The headline changes in yesterday's ECB policy announcement were largely as expected. The central bank left its main refinancing and deposit rates unchanged at 0.00% and -0.4% respectively, and maintained the pace of QE at €60B per month. The central bank also delivered the two expected changes to its introductory statement. The reference to "lower levels" was removed from the forward guidance on rates, signalling that the ECB does not expect that rates will be lowered anytime soon.
At a stroke, the October payroll report returned the short-term trend in payroll growth to the range in place since 2011, pushed the unemployment rate into the lower part of the Fed's Nairu range, and lifted the year-over-year rate of growth of hourly earnings to a six-year high. The FOMC has never quantitatively defined what it means by "some further improvement in the labor market", its condition for increasing rates, but if the October report does not qualify, it's hard to know what might fit the bill. We expect a 25bp increase in December.
Britain's productivity problem has been building under the surface for years, but it is set to be more pertinent now that the economy is close to full employment.
We predict no major policy changes at the ECB today. We think the central bank will leave its main refinancing and deposit rates unchanged at 0.00% and -0.4%, respectively. We also expect the ECB will leave the pace of QE unchanged at €60 per month until December 2017, at least.
We expected a consensus-beating ADP employment number for February, but the 298K leap was much better than our forecast, 210K. The error now becomes an input into our payroll model, shifting our estimate for tomorrow's official number to 250K; our initial forecast was 210K.
In the wake of the February employment report, the implied probability of a June rate hike, measured by the fed funds future, jumped to 89% from 71%. The market now shows the chance of a funds rate at 75bp by the end of the year at just over 60%. That still looks low to us, but it is a big change and we very much doubt it represents the end of the shift in expectations.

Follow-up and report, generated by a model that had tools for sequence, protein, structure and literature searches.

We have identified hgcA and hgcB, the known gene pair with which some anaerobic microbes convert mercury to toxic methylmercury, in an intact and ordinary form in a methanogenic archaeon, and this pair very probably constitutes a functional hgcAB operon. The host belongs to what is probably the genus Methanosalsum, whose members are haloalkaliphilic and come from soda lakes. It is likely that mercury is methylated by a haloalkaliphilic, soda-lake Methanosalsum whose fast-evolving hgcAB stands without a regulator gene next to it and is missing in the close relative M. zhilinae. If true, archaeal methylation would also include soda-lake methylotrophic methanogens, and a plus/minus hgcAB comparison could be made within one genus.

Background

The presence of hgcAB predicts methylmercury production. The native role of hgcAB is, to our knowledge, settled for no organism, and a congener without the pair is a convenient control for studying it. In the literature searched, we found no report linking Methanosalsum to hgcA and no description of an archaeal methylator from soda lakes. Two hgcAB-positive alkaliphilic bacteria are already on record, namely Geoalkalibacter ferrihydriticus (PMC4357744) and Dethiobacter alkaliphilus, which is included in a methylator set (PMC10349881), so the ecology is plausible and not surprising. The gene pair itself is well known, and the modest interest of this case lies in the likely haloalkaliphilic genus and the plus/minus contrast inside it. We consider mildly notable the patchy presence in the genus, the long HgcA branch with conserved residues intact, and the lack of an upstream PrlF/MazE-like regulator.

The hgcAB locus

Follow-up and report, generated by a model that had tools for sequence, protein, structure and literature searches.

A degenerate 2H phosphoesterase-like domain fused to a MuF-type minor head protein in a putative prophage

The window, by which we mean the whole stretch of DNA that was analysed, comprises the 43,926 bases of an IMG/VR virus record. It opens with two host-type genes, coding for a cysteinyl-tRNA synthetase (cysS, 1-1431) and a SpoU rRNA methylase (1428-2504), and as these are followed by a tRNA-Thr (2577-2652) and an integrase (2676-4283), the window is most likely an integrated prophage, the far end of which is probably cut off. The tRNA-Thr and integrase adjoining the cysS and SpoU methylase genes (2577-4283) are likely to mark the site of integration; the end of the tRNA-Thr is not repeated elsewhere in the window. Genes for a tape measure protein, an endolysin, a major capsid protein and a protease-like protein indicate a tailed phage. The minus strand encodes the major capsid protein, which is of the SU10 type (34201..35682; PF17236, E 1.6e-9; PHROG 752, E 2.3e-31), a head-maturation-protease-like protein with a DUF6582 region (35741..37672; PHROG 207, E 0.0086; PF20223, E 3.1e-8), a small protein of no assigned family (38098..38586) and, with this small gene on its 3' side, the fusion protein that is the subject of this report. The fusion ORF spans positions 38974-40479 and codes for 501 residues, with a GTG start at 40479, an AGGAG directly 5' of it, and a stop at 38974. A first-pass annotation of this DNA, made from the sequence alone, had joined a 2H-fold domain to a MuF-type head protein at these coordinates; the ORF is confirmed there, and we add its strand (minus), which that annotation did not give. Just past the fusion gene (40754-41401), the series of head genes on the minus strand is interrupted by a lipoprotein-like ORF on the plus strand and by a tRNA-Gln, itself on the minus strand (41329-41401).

China has a nuclear option in the face of pressure from U.S. tariffs, namely, to devalue the currency.
March payrolls were constrained by both the impact of colder and snowier weather than usual in the survey week, and a correction in the construction and retail components, which were unsustainably strong in February.
German manufacturing data are all over the place at the moment. Earlier this week, data showed that new orders jumped toward the end of 2016, but yesterday's industrial production report was a shocker. Output plunged 3.0% month-to-month in December, pushing the year-over-year rate down to -0.7% from a revised +2.3% in November.
We aren't perturbed by the undershoot in December payrolls, relative both to the October and November numbers and all the leading indicators.
The first thing to ask after a payroll number far from consensus is whether it is supported by other evidence. We are happy to argue that November's blockbuster report is indeed consistent with a range of other numbers, notwithstanding the unfortunate truth that there are no reliable indicators of payrolls on a month-to-month basis.
The Mexican economy maintained its relatively strong momentum in Q2. The first estimate of Q2 GDP, released last week, confirmed that growth was resilient during the first half of this year, despite the confidence hit caused by domestic and external headwinds.
As recently as late 2008, the share of employee compensation in GDP was slightly higher than the average for the previous 20 years. But it would be wrong to argue, therefore, that the squeeze on labor is a phenomenon only of the past few years. It's certainly true that labor's share dropped precipitously from 2009 through 2011, and has risen only marginally since then.
We have had a modest rethink of our June payroll forecast and have nudged up our number to 150K, still below the 180K consensus. Our forecast has changed because we have re-estimated some of our models, not because of the 172K increase in the ADP measure of private payrolls. ADP is a model-based estimate, not a reliable survey indicator.
Favourable inflation conditions in Mexico remain in place with June consumer prices increasing just 0.1% month-to-month, unadjusted, better than expected. A modest gain in core prices was largely offset by falling non-core prices, so year-over-year inflation edged down to 2.5% from 2.6% in May.